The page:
But the super industry is giving allthat away because it’s saying, we’ve gotour fingers on the ledge and by Godwe’re going to hang on, we’re not goingto discuss any of this stuff because wemight get a smaller super pool and it’staken us this long to get the thing setup. But those are the things that are upfor grabs it seems to me.Rod Glover: I could not agree withthat more strongly. The other observationI’d make is some of those discussionsare happening. They might not behappening in the public debate, but theyare definitely happening.
And I think ifthe super industry is not in that space,and is not engaging in those debates,then they might just find it happenswithout them.Garry Weaven: If people want toadvocate the ability to get your handson your super at any time in your lifeand just spend it, fine. But don’t thensay you’re about building long termsavings.Nicholas Gruen: Well you are, becauseyou’d have a higher SG. You cando two things at once, not one. Walkand chew gum!Garry Weaven: How much higherdo you reckon the SG needs to be if people can take their house deposit outat the ages of between 20 and 35? And your education expenses. I can see the ads – ‘You can send your children to Carey Grammar.
Give us your super.’Tony Cole: I personally wouldadvocate getting retirement incomessorted out first before we expand super.Pauline Vamos: The industry isnot, as Nick says, hanging on to thecurrent framework for grim death. A lotof the change in the industry has beendriven by the superannuation industryitself. And there are some tax incentiveswithin super that maybe we just need togive back to government so they can usethat for other things.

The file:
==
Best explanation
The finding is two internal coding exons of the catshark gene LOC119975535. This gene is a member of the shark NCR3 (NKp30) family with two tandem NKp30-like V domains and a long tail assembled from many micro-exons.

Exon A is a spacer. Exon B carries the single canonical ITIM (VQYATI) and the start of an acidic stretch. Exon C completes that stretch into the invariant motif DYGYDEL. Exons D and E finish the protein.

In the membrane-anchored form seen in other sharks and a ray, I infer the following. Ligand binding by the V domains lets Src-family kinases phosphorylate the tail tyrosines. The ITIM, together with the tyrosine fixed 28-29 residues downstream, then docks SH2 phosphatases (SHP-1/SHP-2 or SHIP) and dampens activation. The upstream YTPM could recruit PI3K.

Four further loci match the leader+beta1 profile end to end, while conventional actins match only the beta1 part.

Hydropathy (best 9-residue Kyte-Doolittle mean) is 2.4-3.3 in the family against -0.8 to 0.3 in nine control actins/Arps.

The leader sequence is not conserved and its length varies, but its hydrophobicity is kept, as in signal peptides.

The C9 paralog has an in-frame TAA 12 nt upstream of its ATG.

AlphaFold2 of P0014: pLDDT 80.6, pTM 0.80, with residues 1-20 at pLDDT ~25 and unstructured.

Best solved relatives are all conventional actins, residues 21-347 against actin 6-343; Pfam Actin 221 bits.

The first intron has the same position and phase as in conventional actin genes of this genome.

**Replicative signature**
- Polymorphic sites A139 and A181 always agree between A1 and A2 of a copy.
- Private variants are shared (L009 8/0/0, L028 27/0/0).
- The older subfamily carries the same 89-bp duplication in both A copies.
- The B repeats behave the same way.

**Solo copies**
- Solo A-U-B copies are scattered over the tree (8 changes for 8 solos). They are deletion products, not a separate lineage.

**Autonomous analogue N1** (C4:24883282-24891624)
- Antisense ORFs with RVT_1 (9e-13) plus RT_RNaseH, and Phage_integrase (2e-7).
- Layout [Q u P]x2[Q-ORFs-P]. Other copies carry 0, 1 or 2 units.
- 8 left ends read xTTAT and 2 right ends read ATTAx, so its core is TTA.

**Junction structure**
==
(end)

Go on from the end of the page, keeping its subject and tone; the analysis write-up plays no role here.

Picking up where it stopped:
We need to debate the wholepicture, the impact on wages as well.Remember to get SG up, there was awage freeze for quite some time.So in terms of going backwards andthen forwards again, you’ve got to thinkabout, well what will that do to wages?I think one of the universal statementsthat has been made here is that thereneeds to be a band, and there needs tobe a floor. And I suppose what we aredisagreeing on is where that floor needsto be.
Garry Weaven: If politicians decidethe SG is the centre of their response tothe crisis, the superannuation industrymay be doomed. I think there are otherthings that should be at the centre ofthe response, like investment by superfunds. Michael Bailey: One of the proposalsin the economists’ open letter was arelaxing of some of the hardship accessrules around super. What specificallywould you like to see happen there?Rod Glover: We were thinkingabout it from this perspective, is itbetter to hold on to the current systemor is it better for someone to keep theirhome?I’m talking quite exceptional circumstanceshere, not a general propositionabout people being able to tap into super for general housing or employmentor retraining services.